Ask the Doctor: Muscle Cramps

Q. My son plays football and often gets muscle cramps in the heat of summer.  What can he do to prevent them?


A. Muscle cramps can be caused by dehydration, an electrolyte imbalance, or an inadequate supply of blood to a muscle. The most common type of muscle cramp is a heat cramp, which is caused by profuse sweating while exercising in hot conditions. The best preventative measure in your son’s situation is fluid replacement at the rate of eight ounces per every 20 minutes of activity. In some cases, an electrolyte imbalance – usually involving a sodium, magnesium, or potassium deficiency – may develop over prolonged exercise periods. Your son can minimize his chance of this by sprinkling his food with a light layer of salt (assuming he is not on a low-sodium diet). He can also obtain additional electrolytes by including more fresh vegetables, bananas, and oranges in his diet.  Finally, he should check to see whether any brace or tape he is wearing is too tight, as this can restrict blood supply to an exercising muscle. If these suggestions do not bring relief and he continues to have frequent leg cramps, he should see a physician.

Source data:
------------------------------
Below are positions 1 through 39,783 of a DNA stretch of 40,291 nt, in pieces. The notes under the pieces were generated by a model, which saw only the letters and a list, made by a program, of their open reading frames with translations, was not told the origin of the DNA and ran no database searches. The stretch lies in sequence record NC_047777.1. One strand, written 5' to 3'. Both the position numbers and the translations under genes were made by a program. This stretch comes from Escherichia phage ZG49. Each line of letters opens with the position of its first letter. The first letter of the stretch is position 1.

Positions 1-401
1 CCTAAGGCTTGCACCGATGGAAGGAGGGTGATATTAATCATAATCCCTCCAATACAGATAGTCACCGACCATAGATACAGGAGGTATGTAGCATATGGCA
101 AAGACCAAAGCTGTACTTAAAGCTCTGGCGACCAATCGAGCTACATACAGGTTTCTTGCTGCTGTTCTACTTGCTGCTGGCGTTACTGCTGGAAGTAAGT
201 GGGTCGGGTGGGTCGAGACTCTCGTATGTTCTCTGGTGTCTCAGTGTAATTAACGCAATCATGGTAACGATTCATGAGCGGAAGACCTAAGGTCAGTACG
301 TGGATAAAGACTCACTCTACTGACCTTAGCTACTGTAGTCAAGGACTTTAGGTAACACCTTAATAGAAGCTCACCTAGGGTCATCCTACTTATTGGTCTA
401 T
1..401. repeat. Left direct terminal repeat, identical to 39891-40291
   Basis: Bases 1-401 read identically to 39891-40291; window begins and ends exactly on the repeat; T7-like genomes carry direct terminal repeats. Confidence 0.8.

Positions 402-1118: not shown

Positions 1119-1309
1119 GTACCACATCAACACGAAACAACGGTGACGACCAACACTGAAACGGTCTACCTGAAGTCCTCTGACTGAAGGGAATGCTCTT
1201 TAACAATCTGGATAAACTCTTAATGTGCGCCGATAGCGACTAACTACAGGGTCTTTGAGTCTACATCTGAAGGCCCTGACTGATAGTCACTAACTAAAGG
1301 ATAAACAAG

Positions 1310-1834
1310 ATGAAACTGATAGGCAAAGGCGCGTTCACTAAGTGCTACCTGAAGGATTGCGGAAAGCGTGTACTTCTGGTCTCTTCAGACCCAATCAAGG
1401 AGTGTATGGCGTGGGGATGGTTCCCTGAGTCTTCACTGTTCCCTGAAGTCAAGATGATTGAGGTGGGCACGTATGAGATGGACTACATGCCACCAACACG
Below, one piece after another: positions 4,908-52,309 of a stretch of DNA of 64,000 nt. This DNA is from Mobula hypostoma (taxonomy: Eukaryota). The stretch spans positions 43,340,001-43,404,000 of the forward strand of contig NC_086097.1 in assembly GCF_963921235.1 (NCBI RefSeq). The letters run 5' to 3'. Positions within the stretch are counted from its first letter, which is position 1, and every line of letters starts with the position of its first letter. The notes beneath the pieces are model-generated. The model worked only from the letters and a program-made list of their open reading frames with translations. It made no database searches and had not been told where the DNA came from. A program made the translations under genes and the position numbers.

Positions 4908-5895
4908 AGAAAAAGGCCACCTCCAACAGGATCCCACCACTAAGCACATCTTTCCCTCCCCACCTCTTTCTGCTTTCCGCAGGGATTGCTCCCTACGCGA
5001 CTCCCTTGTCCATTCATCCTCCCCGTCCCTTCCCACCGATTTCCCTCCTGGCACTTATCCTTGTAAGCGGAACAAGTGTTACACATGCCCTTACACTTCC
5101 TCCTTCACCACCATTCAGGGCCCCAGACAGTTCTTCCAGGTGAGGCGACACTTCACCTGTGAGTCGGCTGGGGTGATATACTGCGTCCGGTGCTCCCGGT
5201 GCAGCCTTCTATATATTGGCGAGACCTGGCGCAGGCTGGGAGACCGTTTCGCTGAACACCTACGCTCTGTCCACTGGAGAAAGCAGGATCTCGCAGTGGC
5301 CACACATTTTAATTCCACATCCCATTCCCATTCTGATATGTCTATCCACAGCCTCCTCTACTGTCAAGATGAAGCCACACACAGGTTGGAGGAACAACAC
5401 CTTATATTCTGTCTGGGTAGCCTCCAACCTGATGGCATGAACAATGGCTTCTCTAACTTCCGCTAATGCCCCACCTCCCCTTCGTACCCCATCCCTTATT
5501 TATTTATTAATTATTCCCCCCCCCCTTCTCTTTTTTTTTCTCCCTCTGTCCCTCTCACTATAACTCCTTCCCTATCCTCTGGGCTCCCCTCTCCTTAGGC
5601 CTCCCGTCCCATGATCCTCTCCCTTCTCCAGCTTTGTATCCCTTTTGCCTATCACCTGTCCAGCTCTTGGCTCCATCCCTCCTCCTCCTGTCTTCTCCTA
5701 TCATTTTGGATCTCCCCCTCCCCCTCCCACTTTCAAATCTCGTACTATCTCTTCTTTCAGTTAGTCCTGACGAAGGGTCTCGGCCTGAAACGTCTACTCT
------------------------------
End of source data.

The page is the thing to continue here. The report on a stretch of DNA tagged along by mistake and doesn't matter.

Chad Smalley, MD
Sports Medicine and Shoulder Specialist
Center for Sports Medicine & Orthopaedics
Locations in Hixson, East Brainerd, Cleveland, and Downtown on McCallie Ave.